Newcomer wins Pittsburgh's Great Race

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One is the loneliest number that you'll ever do.

And that is how Jim Spisak had to have felt after maintaining about a half-mile lead for the duration of the 2013 Richard S. Caliguiri City of Pittsburgh Great Race.

"The guy in first-place, I don't know who he is, but he's really fast," said Trent Binford-Walsh, 24, of Oakland, and the 2012 winner of the 10-kilometer race who finished second with a time of 30:09. "I thought he might fade by the third mile, but by the third mile he kept gaining distance on me and then I knew he wasn't going to fade."

Even the third-place finisher admitted how lonely Spisak must have felt being all alone in first-place.

"I wish I had more company, that Jim Spisak, he's kind of rude you know, he just wants to get out and run away from everyone," laughed Vince McNally, 23, of Lancaster, who finished with a time 30:29. "He doesn't like company I guess."

Like Binford-Walsh last year, Spisak won the annual Great Race as a first-time participant.

Spisak is a 22-year-old graduate student at Duquesne University who studied secondary education as an undergrad and is now majoring in instructional technology. He no longer runs cross country at Duquesne, but said he still has track eligibility left. He said he redshirted as a freshman because he was student-teaching at Gateway High School in Monroeville.

Spisak was way out in front at the 5-mile mark with a time of 23:21 when he noticed his Duquesne teammates and friends from Carnegie Mellon cheering him on from an overpass above the Boulevard of the Allies. He knew he had "a decent advantage" by distancing from the other runners, but he still wanted to keep the pace and push himself.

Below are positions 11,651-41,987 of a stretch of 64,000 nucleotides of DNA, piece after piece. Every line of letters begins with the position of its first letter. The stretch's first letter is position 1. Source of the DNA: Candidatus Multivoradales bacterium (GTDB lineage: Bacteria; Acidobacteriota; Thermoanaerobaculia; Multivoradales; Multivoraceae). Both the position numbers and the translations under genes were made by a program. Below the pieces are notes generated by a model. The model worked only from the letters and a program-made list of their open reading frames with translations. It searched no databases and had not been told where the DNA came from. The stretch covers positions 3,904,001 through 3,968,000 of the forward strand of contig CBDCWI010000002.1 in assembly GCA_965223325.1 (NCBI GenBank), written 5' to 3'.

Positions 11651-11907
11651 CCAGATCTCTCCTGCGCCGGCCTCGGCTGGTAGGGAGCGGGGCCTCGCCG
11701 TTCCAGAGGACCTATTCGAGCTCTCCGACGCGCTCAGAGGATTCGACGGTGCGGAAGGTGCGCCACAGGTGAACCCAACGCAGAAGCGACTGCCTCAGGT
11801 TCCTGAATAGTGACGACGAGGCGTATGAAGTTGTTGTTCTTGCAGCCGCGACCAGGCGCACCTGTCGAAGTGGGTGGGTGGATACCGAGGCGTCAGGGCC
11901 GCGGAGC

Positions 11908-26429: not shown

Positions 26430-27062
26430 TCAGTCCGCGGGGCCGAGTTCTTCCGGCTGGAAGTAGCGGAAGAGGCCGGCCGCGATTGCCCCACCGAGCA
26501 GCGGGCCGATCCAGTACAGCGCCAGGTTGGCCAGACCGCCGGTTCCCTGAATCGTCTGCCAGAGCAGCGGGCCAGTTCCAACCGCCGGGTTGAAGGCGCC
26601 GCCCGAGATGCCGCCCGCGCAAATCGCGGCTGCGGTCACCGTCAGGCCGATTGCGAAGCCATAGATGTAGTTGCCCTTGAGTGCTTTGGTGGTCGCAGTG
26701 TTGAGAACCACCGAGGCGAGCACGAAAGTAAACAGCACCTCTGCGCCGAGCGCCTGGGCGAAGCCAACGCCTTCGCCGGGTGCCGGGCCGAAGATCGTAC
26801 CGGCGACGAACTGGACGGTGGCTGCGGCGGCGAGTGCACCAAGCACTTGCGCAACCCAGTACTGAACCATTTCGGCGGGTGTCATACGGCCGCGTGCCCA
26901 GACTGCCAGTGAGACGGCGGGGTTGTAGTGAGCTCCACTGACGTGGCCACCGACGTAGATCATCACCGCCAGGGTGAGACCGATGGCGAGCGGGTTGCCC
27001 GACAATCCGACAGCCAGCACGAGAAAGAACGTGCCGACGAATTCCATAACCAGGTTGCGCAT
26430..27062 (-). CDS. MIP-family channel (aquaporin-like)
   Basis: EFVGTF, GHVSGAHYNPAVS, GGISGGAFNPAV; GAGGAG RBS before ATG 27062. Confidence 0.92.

"My friend was up on the Boulevard and he was like, 'Yeah, I can't see anybody,'" Spisak said. "I was thinking 'Oh, don't tell me that, tell me it's someone behind me,'" he laughed. "Even if there was no one with me, I wanted to run as hard as I could and push myself."

In preparation, there is planning. Spisak said he knew if a runner was to "blast off too fast" in the first two miles, it was going to come back and get you on the boulevard. He said coming into the race he didn't know much about the other participants, but knew there were other good runners.

"I wanted to just take the race out hard and see if anybody went out there with me and if not, I wanted to run hard; that was the plan."

Spisak said he was training for the Great Race by running "about 110 miles a week," gearing up for track season and still training with the "Duquesne cross country guys."

"This gives me an idea of where I'm at and I'm happy with it, but I still have a lot of work to do to get to where I want to be in the spring," Spisak said. "As of now I'm definitely planning on coming back; it was a great experience."

Unlike last year's eventful finish in the women's 10K that came down to a one second split, Clara Santucci won by nearly two minutes.

"I'm very happy," said Santucci, who finished with a time of 32:54. "I knew downhill was going to be fast so I wanted to PR. My 10K PR on the track was 33:16 in college. I broke 33 and that was my goal."

The male winner of the 5-kilometer race was Caleb Muller, 22, of Pittsburgh, who finished with a time of 14:47 and the female winner was Larissa Park, 33, of Massachusetts, who finished with a time of 16:39.

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Kelton Brooks: First Published September 29, 2013 12:15 PM


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